Chocolate Wars: The 150-Year Rivalry Between The World’s Greatest Chocolate Makers by Deborah Cadbury (PublicAffairs, 2010). Reviewed by Gabriel Constans.
This is a rich and delicious expose about the chocolate industry, which includes a number of insights an unexpected surprises. Most people do not realize that the first large chocolate companies in the world, were started in 19th century England by three religious families – the Frys, Rowntrees and Cadburys. Cadbury is the most well-known of the three and the author is a descendent. Richard Tapper Cadbury’s sons created a cocoa company that rivaled that of their European competition of Lindt and Nestle. What is most remarkable and the thread that runs throughout this story, are the passionately held ethics and concerns these Religious Society of Friends (Quakers) held for running their business, treating their employees and helping their communities.
Unlike present multi-nationals, of which Cadbury has fallen prey (to Kraft in 2009), these pioneers in the British chocolate and confectioners business believed how they did business was as, if not more important, than the business they did. They took their religious faith seriously and looked for ways to educate the illiterate, stop slavery and provide a healthy and advantages environment for all their employees, as well as others in their country. The families, boards and associations which made up the Fry, Rowntree and Cadbury companies, held themselves and those who worked for them, to strict codes that included never incurring a debt they couldn’t pay or treating anyone as less than another.
The author of Chocolate Wars has vigorously researched the families and companies histories, including those of the Cadbury’s rivals, Nestle, Lindt, Mars and Hershey; as well as more recent takeovers and insights into Kraft and other present day conglomerates. She brings a sense of humanity to everyone involved in the story and provides glimpses of each as individuals who lived with their private joys, sorrows, disappointments, hopes, tragedies and dreams. Nobody is painted with broad brushes of “all good” or “all evil”, though the issues they faced are clearly presented and laid bare before readers’ eyes.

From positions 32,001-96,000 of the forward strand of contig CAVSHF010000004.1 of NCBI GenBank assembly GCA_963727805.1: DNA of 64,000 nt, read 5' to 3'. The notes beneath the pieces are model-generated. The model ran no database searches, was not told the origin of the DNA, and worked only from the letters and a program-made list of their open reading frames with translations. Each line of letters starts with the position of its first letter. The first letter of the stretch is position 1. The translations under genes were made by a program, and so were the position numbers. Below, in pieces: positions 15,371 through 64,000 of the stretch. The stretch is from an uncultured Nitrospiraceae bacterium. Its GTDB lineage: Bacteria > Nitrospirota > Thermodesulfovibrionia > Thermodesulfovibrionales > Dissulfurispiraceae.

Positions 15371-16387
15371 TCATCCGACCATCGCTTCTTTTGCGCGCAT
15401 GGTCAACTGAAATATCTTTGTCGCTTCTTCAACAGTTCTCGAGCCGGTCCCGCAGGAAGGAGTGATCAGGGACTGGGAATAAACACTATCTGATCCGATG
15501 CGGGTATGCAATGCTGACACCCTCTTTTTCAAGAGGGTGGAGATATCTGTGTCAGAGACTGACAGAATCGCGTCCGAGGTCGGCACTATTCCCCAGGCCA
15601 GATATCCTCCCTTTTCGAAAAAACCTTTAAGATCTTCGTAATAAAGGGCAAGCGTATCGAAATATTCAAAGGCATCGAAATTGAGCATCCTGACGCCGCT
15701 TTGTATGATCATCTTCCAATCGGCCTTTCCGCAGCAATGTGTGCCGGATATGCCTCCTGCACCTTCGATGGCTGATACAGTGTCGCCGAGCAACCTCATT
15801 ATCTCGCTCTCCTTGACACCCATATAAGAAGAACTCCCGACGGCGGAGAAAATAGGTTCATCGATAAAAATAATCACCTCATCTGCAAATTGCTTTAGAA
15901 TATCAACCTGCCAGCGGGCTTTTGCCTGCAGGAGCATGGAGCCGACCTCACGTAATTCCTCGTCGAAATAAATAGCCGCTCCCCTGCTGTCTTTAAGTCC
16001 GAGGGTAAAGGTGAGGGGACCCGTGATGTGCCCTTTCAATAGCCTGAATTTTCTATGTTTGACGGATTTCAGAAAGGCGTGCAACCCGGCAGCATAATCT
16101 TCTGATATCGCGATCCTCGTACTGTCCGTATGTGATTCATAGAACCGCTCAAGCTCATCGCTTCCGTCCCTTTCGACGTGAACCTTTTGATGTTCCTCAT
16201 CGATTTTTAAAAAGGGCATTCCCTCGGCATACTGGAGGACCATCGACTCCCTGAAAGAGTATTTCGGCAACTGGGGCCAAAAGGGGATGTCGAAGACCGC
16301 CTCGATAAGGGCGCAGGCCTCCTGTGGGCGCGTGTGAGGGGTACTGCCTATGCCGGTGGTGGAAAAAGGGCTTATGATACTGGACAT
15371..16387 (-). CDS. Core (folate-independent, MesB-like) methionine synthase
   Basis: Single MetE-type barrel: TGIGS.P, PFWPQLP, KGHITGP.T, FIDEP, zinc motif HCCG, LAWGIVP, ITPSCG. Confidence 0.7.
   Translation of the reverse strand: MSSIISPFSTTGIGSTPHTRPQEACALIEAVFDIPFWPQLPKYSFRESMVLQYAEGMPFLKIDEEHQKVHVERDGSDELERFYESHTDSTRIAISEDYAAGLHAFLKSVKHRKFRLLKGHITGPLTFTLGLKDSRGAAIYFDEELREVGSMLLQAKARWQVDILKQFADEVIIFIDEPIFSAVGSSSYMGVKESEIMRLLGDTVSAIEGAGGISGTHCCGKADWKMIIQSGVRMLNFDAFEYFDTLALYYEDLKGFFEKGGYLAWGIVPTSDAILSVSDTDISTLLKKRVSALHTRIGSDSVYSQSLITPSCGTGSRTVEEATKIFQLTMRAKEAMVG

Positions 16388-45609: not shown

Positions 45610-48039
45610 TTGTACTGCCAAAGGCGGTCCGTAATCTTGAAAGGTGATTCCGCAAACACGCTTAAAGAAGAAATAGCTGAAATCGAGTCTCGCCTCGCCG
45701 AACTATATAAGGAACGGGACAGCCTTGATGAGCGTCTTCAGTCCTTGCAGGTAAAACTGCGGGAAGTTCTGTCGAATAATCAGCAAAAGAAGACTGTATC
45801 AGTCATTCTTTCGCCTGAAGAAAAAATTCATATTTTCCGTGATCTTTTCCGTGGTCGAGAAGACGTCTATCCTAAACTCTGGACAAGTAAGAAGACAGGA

This is not a simple genealogical story about the author’s family or a dry history of the chocolate industry in Europe and America and its globalization. It is an intricate, complex and meaningful exploration of how difficult it is to enact one’s personal ethics, beliefs and morals into business and the greater society as a whole. Ms. Cadbury is essentially asking us to take a look at how we conduct ourselves and whether our actions match our rhetoric and beliefs. Though it is extremely difficult, there are some who were indeed able to do both and they did so for almost two centuries.
Much has changed in the last 20 years, but perhaps the same ideals and ethics held by Richard Tapper Cadbury and his sons, can still be put into practice in today’s familial, political and business institutions, in spite of or instead of, the constant drive for power, money and control. They are simple beliefs of honesty, integrity, transparency and everyone’s best interests, not just the few. Are those who work in the cocoa factories and fields and make the delicious chocolate confections we all love, treated fairly, humanely and with the same care as those who run the companies under which brands they now labor? Are we, as consumers, producers and shareholders, holding these companies accountable for providing a decent wage, health care and safe environmental conditions? By her book’s example and that of her ancestors, the author of Chocolate Wars would undoubtedly say, if we aren’t, we should be.